RSA’s Irish business returns to profit in first half

Insurer targets full-year profitability in Ireland but says market remains challenging

Net premiums for RSA’s Irish division rose by 1 per cent to £152 million in the six months to June 30th. Photograph: Simon Dawson/Bloomberg

Net premiums for RSA’s Irish division rose by 1 per cent to £152 million in the six months to June 30th. Photograph: Simon Dawson/Bloomberg

 

British motor and home insurer RSA posted an above-forecast operating profit of £360 million (€402 million) in the first half, led by strong performances in Canada and Scandinavia, it said on Wednesday. Its Irish division, hit by an accounting scandal in 2013, returned to profit, but the insurer warned that the market in Ireland remains challenging, in particular for claims inflation.

Net premiums for the group’s Irish division rose by 1 per cent to £152 million in the six months to June 30th, as the insurer reported a profit of £2 million, up from a loss of £1 million in the same period in 2016, and a combined ratio of 98.8 per cent.

The group said: “In Ireland we continue to target a return to operating profit for the full year 2017, although the market remains challenging, in particular for claims inflation.”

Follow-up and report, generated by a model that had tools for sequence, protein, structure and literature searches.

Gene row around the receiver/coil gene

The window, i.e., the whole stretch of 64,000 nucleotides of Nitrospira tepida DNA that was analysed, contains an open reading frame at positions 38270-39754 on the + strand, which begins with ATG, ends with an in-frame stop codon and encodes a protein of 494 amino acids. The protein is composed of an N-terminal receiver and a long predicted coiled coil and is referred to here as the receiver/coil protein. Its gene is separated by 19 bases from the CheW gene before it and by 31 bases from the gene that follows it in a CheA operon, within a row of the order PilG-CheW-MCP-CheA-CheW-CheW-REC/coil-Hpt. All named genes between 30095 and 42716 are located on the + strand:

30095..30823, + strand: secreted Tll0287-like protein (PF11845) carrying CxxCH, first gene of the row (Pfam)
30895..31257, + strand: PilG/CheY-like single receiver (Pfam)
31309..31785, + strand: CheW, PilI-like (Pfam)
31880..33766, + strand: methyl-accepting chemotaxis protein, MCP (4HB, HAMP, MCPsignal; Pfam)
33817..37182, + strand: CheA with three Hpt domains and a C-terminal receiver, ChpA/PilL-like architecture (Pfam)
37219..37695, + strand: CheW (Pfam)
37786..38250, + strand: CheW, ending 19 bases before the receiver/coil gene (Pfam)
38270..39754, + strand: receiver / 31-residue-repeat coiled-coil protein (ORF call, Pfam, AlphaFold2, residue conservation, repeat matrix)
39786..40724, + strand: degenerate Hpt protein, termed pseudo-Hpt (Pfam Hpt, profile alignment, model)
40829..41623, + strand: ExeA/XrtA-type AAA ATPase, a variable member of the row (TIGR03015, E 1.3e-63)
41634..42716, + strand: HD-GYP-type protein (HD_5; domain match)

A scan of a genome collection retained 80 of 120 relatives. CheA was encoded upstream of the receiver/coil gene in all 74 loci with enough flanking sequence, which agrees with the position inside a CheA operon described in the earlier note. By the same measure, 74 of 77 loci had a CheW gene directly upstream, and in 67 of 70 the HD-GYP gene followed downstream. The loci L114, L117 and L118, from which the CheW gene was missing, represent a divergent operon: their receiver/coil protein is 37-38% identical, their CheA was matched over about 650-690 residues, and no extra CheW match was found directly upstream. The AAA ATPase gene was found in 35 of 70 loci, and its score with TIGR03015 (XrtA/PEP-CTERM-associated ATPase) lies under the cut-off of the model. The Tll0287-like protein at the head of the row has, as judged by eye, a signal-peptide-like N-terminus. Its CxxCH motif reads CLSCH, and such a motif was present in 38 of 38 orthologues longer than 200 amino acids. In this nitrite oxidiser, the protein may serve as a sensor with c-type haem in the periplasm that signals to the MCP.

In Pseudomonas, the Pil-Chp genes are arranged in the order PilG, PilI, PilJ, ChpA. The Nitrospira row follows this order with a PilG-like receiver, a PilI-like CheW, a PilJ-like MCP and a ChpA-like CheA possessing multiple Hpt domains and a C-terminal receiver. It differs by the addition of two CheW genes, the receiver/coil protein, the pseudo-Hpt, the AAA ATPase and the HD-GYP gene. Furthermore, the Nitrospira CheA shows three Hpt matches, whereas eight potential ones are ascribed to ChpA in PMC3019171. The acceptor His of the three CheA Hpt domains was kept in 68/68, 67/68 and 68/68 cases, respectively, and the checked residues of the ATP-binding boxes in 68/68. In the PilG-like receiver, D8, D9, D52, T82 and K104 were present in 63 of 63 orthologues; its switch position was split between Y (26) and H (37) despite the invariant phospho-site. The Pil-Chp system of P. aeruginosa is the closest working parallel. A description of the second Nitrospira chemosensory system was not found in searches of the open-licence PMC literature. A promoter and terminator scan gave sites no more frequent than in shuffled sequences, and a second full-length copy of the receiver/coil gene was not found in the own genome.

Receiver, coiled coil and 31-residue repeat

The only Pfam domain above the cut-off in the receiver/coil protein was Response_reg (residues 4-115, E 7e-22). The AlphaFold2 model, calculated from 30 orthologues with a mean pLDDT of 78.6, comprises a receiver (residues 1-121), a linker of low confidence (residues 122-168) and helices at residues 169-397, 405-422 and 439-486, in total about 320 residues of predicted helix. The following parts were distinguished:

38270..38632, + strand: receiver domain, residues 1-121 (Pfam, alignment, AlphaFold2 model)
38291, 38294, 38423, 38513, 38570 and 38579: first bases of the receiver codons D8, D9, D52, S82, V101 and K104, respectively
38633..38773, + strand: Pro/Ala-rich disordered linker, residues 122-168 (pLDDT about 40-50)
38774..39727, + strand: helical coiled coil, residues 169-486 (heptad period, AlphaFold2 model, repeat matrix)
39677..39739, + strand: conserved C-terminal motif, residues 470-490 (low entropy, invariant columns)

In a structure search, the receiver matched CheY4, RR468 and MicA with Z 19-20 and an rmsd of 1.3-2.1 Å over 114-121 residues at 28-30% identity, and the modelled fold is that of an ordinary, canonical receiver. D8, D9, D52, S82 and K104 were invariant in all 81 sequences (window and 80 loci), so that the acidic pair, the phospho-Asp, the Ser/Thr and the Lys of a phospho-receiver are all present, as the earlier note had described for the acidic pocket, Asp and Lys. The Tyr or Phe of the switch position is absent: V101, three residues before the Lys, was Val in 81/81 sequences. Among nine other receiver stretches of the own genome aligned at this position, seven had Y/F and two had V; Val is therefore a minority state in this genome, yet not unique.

RSA was Ireland’s biggest insurer but ran into difficulties in late 2013 when a number of accounting and financial issues emerged. This led to the suspension of three senior executives, including the then chief executive Philip Smyth, and the RSA group injecting more than €400 million into its Irish subsidiary. RSA Insurance Ireland reported a loss of €198 million in 2014.

Profit

Operating profit rose 15 per cent from a year earlier, RSA said. Analysts had forecast operating profit of £338 million, according to a company-supplied consensus forecast.

Best known in Britain for its More Than brand, RSA has been selling businesses and cutting costs under chief executive Stephen Hester, the former boss of Royal Bank of Scotland, who joined in 2014 to overhaul the company.

The restructuring is now complete, RSA said.

“While RSA is now measuring against higher performance standards, there is much more that can be done to improve,” Hester said.

RSA’s combined ratio, a measure of underwriting profitability, strengthened to a record 93.2 per cent. A level below 100 per cent indicates a profit.

The firm’s Scandinavian and Canadian businesses did well, despite some large losses in Canada, RSA said.

However, group underwriting profit for RSA’s UK business dropped nearly 80 per cent to £17 million following an unexpected large cut in the rate used to calculate personal injury claims, pushing up the size of those payments.

RSA said it would pay an interim dividend of 6.6 pence, up 32 per cent but below a forecast 7 pence. – (Additional reporting: Reuters)